Ernest Green, one of nine students who in 1957 integrated Central High School in Little Rock, Arkansas, urged University of Mary Washington students to be agents of change, not just passive observers in the continuing fight for social justice.
Green made the comments as keynote speaker during the Jan. 21 commemoration of the life of Martin Luther King Jr.
As a member of the Little Rock Nine, Green became the first African-American student to graduate from the formerly all-white Central High. After earning bachelor’s and master’s degrees at Michigan State University, Green worked to help minority women in the South secure jobs. He was an assistant labor secretary to President Jimmy Carter. In 1999, President Bill Clinton presented Green and the other members of the Little Rock Nine the Congressional Gold Medal, the highest honor awarded to civilians.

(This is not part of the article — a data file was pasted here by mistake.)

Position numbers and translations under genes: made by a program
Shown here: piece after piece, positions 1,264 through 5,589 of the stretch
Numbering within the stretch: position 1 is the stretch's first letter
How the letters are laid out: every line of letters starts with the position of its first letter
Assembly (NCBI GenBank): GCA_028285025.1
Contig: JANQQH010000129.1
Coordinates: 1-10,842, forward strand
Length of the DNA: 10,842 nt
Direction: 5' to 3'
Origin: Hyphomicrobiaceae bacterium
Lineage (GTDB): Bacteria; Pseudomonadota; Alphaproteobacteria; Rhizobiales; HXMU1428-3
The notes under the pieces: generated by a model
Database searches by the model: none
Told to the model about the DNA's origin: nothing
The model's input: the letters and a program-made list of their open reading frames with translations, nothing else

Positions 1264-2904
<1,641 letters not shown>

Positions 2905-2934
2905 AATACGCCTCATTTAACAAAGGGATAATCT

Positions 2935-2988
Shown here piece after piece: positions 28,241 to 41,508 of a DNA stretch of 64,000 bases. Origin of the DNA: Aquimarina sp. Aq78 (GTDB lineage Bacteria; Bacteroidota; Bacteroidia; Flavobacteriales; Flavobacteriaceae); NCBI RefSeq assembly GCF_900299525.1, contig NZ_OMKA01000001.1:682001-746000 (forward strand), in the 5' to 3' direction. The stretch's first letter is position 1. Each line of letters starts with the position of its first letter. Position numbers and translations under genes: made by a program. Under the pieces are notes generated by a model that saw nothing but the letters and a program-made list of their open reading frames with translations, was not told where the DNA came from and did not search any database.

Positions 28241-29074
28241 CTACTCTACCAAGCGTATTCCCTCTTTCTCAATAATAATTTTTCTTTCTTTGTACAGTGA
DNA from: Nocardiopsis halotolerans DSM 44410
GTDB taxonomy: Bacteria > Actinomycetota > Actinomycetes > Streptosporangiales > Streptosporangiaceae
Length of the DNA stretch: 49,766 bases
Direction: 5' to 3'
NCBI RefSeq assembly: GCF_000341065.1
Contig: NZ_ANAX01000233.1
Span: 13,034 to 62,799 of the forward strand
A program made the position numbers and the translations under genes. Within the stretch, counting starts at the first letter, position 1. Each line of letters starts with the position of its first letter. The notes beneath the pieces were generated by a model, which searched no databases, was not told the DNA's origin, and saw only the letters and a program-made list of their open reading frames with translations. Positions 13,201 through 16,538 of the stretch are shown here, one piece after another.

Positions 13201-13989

At UMW, Green emphasized that people who will never be famous make important contributions toward change, according to The Blue & Gray Press, UMW’s student newspaper. And while it’s fine to advocate change using Facebook, Twitter, and other social media, he said, speaking up online goes only so far. It shouldn’t be a substitute for action.